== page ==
David Pearson, the award-winning British designer whose extensive work for the Penguin group includes the Pocket Penguins and Great Ideas series, says: “There is certainly a vibrancy to contemporary US cover design, which is increasingly leaning towards more cerebral solutions—much like those common in the British market in the early 1960s. Paradoxically, British book design seems to be embracing a form of pulp realism not dissimilar to the newsstand-friendly US jackets of the same period.”

Cultural differences

Given that CD and DVD cover sleeves are typically the same for both markets and appear to translate just as well in terms of sales performance, Pearson and many of his peers in the design world are asking why book jackets from opposite sides of the Atlantic are so different.

Part of the reason for the differences in cover designs are cultural, according to Simon & Schuster art director Jeremy Butcher. “They often publish the same book over there [in the US] and we repackage it for the UK market because their design aesthetic is so different to the UK,” explains Butcher.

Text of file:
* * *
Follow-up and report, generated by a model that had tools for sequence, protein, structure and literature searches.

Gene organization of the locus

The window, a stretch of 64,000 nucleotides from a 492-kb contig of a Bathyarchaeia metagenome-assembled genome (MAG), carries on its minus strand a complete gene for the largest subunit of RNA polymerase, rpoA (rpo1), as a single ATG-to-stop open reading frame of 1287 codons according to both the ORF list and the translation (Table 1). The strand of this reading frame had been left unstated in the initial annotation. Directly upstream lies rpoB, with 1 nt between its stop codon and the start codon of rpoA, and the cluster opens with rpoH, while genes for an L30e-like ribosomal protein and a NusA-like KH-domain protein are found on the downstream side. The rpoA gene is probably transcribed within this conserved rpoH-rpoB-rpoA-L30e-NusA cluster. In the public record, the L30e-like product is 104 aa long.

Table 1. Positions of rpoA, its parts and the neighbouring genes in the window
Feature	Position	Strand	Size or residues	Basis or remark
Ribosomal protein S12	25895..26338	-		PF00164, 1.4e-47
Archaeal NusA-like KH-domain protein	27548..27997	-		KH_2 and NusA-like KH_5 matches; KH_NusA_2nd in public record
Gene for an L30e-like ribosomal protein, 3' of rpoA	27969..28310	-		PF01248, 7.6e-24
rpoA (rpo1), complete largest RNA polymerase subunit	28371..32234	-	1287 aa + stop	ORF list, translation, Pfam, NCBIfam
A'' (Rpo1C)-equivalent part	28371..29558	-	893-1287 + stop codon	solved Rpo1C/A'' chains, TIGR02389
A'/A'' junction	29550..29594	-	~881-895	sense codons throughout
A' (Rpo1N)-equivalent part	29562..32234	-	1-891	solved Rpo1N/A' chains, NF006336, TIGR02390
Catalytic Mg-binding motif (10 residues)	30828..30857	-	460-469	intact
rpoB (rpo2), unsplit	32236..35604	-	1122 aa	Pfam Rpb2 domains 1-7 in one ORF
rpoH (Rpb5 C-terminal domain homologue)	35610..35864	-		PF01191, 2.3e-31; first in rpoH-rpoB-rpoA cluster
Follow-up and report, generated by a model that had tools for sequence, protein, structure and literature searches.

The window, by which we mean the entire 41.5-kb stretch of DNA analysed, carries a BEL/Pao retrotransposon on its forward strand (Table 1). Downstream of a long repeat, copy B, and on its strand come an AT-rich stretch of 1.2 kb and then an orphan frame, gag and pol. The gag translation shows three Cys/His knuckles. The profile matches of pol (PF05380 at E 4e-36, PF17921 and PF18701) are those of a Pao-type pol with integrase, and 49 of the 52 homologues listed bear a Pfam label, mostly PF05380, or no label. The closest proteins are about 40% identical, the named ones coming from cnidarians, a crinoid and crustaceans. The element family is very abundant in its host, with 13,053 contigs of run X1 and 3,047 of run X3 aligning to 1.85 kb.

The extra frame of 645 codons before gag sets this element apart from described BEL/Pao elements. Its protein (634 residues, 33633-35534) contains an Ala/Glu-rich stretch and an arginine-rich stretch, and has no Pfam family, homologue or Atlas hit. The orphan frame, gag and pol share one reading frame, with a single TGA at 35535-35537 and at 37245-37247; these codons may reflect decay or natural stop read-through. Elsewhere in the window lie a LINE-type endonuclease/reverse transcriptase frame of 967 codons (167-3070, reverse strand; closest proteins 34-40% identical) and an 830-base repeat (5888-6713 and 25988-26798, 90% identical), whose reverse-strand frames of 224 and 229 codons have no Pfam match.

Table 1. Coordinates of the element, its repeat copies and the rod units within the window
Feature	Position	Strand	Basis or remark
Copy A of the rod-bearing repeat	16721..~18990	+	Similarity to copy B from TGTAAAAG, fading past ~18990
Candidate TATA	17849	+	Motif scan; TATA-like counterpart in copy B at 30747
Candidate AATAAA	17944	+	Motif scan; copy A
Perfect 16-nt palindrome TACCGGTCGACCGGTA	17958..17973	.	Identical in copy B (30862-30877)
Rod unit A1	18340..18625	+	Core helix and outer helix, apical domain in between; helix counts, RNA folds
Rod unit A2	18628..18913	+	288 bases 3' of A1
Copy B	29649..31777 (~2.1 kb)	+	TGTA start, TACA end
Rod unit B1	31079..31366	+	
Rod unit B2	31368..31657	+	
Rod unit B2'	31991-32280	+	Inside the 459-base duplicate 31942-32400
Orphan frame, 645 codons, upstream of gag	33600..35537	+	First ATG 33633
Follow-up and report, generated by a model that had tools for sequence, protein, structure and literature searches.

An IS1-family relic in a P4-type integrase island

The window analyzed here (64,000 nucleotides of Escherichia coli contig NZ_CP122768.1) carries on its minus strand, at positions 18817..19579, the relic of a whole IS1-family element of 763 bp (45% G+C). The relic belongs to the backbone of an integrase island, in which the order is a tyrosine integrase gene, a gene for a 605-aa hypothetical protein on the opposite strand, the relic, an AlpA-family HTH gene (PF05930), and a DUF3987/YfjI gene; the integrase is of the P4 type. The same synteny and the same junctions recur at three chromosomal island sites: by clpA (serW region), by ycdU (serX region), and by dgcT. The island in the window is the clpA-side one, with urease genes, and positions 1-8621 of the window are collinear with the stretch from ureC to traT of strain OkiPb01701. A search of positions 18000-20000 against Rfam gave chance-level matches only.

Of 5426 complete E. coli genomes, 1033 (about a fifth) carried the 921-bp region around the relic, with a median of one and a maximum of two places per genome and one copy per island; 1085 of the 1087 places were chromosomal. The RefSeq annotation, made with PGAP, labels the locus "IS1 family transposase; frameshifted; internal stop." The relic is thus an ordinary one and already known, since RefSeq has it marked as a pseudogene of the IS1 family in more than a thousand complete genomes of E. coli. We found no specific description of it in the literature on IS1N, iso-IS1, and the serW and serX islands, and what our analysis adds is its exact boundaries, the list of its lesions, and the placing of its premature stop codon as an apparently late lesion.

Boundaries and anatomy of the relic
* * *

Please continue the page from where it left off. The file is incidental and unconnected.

“There are certain devices that they use that signal a US cover. Commercially, this US look doesn’t work in the UK marketplace and so we often give the cover a UK make-over.”

However, there could be a more complex reason for the differences: Britain’s influential trade buyers. The US market is much more fragmented than in the UK, where the power lies in the hands of a few buyers, and this influence appears to be seeping  through into what appears on retailers’ shelves.